0743 GMT April 08, 2020
In the report the IMO, the United Nations agency responsible for regulating shipping, says that there is insufficient “toxicity data” to be able to assess the risk to humans caused by the increased use of exhaust gas cleaning systems, which are also known as “scrubbers”, theguardian.com reported.
These devices reduce the amount of pollution emitted into the air by ships, but the cheapest and most popular models dramatically increase the amount of pollutants pumped directly into the sea.
Shipping companies have spent more than $12 billion fitting thousands of scrubbers on vessels around the world in order to meet new air pollution standards that were introduced on 1 January 2020.
Some of the pollutants deemed most concerning by experts that are pumped into the sea by scrubbers are polycyclic aromatic hydrocarbons (PAHs), which have been linked to skin, lung, bladder, liver and stomach cancers.
In its report, the IMO says “carrying out a preliminary risk assessment [on the PAH emissions from scrubbers] was not possible considering the available information” and warns that “secondary poisoning (via consumption of seafood) had been mentioned as a likely exposure route for humans”.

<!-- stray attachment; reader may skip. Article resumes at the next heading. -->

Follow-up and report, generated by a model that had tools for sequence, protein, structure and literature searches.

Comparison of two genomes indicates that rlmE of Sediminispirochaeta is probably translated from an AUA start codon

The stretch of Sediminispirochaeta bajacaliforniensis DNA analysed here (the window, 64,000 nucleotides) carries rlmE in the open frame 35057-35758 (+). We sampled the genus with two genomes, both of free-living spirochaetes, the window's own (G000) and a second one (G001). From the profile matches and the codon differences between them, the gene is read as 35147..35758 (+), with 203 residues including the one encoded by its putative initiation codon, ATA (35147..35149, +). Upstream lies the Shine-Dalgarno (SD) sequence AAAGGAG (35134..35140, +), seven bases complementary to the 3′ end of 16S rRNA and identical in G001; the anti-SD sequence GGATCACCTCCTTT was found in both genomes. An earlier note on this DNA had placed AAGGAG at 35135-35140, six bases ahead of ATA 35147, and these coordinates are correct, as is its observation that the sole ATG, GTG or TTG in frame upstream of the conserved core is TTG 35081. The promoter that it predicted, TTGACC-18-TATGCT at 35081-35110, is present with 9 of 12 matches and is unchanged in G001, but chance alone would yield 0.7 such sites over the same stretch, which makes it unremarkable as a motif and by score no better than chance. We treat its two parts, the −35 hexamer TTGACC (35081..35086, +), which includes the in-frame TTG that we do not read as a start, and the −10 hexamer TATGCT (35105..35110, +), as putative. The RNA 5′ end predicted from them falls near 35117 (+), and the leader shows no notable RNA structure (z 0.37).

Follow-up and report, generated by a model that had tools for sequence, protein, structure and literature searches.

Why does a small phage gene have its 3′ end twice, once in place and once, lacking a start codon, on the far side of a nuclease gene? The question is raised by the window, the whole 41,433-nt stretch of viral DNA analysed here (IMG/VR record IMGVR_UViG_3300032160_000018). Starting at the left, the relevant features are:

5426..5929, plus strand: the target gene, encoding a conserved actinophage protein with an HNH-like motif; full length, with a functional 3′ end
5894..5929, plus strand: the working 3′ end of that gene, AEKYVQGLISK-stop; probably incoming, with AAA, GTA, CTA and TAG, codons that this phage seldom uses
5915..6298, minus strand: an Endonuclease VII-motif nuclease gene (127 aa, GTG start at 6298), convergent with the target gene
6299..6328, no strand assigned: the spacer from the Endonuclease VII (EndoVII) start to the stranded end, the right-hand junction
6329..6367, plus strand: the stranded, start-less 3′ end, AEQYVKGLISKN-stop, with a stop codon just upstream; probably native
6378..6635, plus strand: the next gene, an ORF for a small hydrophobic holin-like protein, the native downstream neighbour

Critics say IMO member states should have conducted thorough risk assessments before deciding to allow the use of scrubbers under the new legislation.
Lucy Gilliam, a campaigner for the Brussels-based NGO Transport & Environment, said the IMO should stop the use of scrubbers until it can answer key questions about how discharges may affect health.
“Ships should not be allowed to use scrubbers if the IMO has no idea what the consequences will be for human health and food chain contamination,” she said.
“The surge in scrubber use means that increasing amounts of PAHs will accumulate in sediment over time, and no one knows what the impact on human health will be.
“It is going to have an impact on the food chain and, as things stand, we have no reliable information about when safe threshold limits will be breached.”
Christopher Elliott, a professor at the Institute for Global Food Security at Queen’s University Belfast, believes the effect of bioaccumulation of PAHs in the food chain is a worrying issue.
“Any increase in PAHs at the bottom of the food chain can have a negative impact on human health over the long term, damaging immune systems and potentially increasing susceptibility to cancer,” he said.
Shipping companies have repeatedly said that they have commissioned rigorous studies to test pollutants discharged by scrubbers.